Friday, September 14, 2018

Thrifty Thinking: Rising Student Loan Debt Prevents Saving, Buying a Home

New research released today from the Association of Young AmericansAYA (AYA) and AARP show student loan debt preventing Americans across three generations from saving for retirement or buying a home. As many students begin their academic year, nearly half of those with student loan debt say they owe more than $30,000. According to the Federal Reserve Bank of New York, borrowers have over $1.4 trillion in student loan debt. The new research specifically shows that of those who have student debt, 45 percent of Millennials, 48 percent of Generation Xers, and 50 percent of Boomers owe $30,000 or more.   
AYA and AARP have released the first findings of their research taking a close look at similarities and differences in the opinions of the Millennial, Generation X, and Baby Boomer generations. In addition to the sentiments on student loans, upcoming findings examine financial security, voter and civic engagement and other areas of interest.
The research below covers student loan debt and sentiments about higher education. The purpose of the survey is to highlight how three generations view major issues facing the nation. 
“The trillion dollar student loan crisis is clearly having a tangible impact on all Americans across all generations,” said AYA Founder Ben Brown. “The impacts of this crisis have deep consequences on our economy as a whole, with the majority of Americans noting that student loan debt has been a barrier in making key life decisions and planning for the future. AYA teamed up with AARP on this research to better understand that impact and how young and older Americans can come together on calling for a higher education system that works better for us all.”
“AYA and AARP are working together because issues of financial security, that include growing student loan debt, are important to AARP’s members, their families and many Americans of all ages,” said AARP Senior Vice President Jean Setzfand. Millennials, Gen Xers and Boomers have far more similarities than differences. This research highlights the long-term negative toll student loan debt has on multiple generations.  The choice to fund your or your loved ones education can boost your family’s future opportunities.  However, due to the high cost of education, our joint research shows that the education decision should be considered in the context of other major financial decisions such as retirement savings, home ownership and paying for other necessities such as healthcare.”
Student loan debt has prevented or delayed:
  • Saving for retirement - 4 in 10 (40 percent) say student loan debts have stopped them from saving for retirement, including 41 percent of Millennials, 38 percent of GenXers, and 31 percent of Boomers.
  • Buying a home - 1 in 3 (32 percent) say student loan debt has prevented or delayed them from buying a home, including 36 percent of Millennials, 26 percent of GenXers, and 32 percent of Boomers.
  • Helping a family member - 1 in 4 (25 percent) say student loan debt prevented or delayed them from financially helping a family member, including 23 percent of Millennials, 29 percent of GenXers, and 26 percent of Boomers.
  • Getting health care - Nearly 1 in 5 (16 percent) said student loan debt prevented or delayed them from getting the health care they need including 17 percent of Millennials, 16 percent of GenXers, and 9 percent of Baby Boomers.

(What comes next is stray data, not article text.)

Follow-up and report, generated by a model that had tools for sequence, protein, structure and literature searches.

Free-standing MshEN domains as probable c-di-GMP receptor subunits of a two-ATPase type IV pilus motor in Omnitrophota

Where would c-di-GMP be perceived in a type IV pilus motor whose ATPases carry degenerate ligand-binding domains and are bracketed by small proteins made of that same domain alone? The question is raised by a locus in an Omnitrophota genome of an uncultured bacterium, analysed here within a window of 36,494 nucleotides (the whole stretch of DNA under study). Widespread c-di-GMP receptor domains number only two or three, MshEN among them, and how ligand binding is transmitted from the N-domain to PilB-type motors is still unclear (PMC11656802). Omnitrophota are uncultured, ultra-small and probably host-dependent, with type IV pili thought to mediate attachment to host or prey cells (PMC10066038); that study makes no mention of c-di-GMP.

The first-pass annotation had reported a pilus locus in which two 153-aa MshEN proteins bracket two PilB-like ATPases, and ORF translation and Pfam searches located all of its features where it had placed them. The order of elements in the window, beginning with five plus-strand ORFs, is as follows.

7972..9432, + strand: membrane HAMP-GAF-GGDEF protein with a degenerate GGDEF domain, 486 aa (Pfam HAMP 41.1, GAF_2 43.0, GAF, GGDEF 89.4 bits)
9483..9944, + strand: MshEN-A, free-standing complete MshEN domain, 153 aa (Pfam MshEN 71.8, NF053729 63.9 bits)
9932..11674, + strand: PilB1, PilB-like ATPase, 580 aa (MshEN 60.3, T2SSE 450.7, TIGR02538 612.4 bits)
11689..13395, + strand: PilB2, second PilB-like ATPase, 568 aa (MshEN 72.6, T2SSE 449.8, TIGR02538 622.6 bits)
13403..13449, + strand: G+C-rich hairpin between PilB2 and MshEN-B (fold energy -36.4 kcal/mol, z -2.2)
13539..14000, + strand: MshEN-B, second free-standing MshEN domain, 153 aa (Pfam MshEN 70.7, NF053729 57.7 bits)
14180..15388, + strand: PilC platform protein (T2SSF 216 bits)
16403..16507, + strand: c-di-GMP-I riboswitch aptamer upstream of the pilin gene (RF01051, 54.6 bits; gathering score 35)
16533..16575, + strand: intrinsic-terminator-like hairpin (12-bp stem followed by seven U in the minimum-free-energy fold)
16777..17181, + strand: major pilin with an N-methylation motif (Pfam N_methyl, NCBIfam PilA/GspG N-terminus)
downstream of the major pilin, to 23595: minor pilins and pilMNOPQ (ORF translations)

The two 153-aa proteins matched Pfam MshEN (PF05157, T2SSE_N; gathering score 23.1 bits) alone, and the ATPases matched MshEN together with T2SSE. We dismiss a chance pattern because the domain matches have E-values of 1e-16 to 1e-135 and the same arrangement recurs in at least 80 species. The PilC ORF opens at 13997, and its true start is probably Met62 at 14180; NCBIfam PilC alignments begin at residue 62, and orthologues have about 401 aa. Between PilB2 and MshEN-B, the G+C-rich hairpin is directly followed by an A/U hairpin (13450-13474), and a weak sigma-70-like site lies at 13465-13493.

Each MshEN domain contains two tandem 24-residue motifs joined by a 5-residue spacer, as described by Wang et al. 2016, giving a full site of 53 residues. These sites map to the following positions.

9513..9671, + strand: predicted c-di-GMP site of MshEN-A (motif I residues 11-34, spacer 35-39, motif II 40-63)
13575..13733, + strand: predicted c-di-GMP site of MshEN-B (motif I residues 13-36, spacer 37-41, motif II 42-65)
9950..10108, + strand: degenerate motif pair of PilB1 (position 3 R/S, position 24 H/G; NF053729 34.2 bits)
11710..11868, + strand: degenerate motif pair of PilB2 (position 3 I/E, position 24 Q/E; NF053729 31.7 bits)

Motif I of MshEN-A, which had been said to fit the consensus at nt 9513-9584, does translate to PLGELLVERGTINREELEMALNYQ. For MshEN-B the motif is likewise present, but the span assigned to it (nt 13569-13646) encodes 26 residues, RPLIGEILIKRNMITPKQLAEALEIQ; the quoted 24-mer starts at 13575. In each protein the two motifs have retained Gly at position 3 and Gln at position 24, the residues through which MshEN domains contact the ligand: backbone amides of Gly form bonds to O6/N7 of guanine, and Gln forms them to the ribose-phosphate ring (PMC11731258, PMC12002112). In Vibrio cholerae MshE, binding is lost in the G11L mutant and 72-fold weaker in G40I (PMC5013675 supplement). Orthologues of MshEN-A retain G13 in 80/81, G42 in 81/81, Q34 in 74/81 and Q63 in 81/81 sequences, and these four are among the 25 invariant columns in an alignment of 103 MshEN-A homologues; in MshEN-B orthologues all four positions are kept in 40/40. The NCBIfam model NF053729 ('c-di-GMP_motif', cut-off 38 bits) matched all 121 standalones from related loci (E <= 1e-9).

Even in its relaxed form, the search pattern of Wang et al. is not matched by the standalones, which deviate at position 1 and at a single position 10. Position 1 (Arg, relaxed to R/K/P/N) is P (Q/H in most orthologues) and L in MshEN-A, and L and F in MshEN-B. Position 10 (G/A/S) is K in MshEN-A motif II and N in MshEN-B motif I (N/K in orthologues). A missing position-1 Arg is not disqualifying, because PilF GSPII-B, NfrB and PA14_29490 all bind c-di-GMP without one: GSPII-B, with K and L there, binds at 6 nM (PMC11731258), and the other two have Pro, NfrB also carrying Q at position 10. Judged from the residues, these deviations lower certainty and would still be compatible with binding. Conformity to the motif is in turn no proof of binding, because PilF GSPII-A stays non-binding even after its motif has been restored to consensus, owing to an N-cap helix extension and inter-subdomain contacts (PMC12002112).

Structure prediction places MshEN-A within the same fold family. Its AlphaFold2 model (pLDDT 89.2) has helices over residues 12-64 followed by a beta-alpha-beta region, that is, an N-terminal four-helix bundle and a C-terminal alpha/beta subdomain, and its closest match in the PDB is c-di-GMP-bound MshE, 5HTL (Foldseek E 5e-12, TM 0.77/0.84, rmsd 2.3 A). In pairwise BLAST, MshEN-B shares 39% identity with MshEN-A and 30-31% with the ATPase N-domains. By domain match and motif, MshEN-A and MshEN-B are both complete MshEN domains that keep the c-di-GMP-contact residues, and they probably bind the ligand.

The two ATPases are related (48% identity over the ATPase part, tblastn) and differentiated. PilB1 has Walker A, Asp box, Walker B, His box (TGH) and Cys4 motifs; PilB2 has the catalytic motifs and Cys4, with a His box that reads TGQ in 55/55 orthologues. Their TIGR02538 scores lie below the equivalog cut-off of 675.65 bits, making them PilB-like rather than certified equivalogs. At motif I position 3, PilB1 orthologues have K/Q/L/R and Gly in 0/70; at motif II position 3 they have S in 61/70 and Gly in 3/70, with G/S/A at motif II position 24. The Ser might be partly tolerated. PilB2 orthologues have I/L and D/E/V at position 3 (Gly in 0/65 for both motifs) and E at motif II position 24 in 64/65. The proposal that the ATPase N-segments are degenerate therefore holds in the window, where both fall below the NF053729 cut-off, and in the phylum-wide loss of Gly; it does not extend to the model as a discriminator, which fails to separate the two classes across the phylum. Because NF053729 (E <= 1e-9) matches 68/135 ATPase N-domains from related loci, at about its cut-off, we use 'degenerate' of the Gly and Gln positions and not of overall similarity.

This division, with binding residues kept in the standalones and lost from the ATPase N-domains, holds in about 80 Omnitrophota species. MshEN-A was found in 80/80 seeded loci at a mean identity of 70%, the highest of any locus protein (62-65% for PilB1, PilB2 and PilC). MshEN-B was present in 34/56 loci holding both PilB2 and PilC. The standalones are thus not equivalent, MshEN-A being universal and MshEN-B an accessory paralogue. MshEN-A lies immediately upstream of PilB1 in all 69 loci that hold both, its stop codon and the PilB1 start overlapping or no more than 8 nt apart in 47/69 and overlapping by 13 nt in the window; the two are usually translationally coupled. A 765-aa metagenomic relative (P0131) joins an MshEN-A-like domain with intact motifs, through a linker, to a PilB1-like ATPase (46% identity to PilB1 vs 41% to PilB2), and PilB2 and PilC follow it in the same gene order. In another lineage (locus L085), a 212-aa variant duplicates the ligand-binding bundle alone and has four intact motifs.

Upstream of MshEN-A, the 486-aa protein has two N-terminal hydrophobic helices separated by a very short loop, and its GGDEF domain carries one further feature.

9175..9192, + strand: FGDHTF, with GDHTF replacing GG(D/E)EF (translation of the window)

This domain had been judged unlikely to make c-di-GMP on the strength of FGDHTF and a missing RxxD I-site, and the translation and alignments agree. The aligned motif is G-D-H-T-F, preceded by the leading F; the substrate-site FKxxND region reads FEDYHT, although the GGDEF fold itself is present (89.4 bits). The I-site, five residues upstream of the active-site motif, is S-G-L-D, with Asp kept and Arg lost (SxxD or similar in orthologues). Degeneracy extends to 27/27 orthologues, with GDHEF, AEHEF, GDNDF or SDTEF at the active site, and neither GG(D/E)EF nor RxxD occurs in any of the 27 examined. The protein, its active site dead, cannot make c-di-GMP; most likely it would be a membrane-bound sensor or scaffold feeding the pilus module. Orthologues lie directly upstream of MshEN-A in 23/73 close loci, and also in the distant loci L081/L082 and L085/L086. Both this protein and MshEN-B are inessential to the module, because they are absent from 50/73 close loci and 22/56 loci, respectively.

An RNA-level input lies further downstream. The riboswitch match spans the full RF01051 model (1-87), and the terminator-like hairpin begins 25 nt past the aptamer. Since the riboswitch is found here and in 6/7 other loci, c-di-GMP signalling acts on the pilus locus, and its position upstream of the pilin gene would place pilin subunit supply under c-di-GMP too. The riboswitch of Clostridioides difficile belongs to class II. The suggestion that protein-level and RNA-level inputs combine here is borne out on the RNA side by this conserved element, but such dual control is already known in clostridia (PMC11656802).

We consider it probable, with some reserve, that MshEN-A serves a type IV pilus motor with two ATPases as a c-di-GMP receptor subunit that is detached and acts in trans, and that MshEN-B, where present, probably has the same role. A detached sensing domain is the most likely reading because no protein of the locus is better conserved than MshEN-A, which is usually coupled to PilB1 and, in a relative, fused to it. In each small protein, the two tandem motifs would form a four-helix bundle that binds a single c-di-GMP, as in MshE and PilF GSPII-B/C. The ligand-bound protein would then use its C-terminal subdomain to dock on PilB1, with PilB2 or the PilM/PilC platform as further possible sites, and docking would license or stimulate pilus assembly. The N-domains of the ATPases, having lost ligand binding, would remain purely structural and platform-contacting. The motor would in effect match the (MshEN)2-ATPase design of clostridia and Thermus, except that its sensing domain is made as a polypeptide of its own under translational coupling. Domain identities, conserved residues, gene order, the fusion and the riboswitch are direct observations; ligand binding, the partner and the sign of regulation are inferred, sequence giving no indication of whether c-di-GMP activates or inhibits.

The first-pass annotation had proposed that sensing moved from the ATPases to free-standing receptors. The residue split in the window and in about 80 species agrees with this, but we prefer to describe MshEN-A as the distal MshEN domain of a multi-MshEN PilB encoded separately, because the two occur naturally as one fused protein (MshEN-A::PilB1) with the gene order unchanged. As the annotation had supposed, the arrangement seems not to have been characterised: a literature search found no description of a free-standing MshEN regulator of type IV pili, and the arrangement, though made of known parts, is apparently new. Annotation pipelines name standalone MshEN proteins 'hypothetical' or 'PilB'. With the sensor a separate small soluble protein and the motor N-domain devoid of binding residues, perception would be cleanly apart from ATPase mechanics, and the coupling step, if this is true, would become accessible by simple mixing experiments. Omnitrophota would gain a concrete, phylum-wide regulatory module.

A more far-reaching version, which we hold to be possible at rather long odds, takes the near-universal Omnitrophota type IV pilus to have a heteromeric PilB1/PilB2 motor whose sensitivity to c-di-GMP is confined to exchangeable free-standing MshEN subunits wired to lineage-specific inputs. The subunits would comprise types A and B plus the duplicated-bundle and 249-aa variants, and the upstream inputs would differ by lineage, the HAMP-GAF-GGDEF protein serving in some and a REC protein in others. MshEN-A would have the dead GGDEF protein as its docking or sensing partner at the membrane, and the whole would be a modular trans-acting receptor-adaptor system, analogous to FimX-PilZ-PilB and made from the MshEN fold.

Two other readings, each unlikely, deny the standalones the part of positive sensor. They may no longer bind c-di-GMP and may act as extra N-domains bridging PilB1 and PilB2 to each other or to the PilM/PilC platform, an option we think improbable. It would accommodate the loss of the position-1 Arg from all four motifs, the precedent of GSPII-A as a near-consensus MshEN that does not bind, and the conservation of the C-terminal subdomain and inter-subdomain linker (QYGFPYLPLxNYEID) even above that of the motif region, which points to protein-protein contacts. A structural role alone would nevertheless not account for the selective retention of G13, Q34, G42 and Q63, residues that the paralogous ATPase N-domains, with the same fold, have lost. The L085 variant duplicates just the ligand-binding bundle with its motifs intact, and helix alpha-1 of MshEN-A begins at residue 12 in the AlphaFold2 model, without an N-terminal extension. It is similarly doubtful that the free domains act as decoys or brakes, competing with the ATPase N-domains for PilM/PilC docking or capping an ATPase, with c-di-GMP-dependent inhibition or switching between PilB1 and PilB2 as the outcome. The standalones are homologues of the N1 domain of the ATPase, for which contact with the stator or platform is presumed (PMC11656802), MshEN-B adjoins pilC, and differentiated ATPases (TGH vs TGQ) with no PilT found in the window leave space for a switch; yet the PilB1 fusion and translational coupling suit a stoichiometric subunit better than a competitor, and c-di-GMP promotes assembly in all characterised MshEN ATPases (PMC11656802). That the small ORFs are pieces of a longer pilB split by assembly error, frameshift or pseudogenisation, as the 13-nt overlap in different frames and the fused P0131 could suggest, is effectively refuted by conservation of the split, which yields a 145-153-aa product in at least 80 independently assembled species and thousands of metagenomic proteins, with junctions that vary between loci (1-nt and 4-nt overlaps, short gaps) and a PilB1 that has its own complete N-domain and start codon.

6 in 10 Americans don’t view the benefits of college as worth the cost. Across generations, the views about college as not worth the cost held steady with 61 percent of Millennials, 62 percent of Generation X, and 53 percent of Baby Boomers sharing the same view.

Americans believe major institutions can play a role in the cost of college and loan repayment:
Colleges –
  • 3 in 4 (74 percent) agree strongly or somewhat that community colleges should be free for anyone who qualifies.
  • 6 in 10 (66 percent) agree strongly or somewhat that colleges and universities should share the financial responsibility with students who default on their loans.
Government –
  • Over 8 in 10 (86 percent) agree strongly or somewhat that state and federal government should invest in career and technical education programs as alternatives to college.
  • 8 in 10 (79 percent) believe strongly or somewhat that state government should increase support for public universities so more people can afford college tuition.
  • 7 in 10 (76 percent) strongly or somewhat believe that the federal government should help people refinance student loan debt.
  • 6 in 10 strongly or somewhat agree that the federal government should forgive some student loan debt (61 percent), help people repay some student loan debt (58 percent), and tax stock market transactions to subsidize tuition at public colleges and universities (60 percent).
After the release of the final set of findings the full data set for the poll will be available. Specific data from the poll may be available upon request before the full data is released. These survey results do not necessarily reflect the policy positions of AYA or AARP.
MethodologyThis poll was conducted via NORC’s AmeriSpeak nationally representative online panel for AARP from July 10, 2018 to August 7, 2018, with 4,862 adults between the ages of 18-74 encompassing Millennial, Generation X, and Baby Boomer adults. The margin of error is +/-2.01% at the 95% confidence level.  The sample includes nationally representative samples of African-Americans and Hispanic-Americans.



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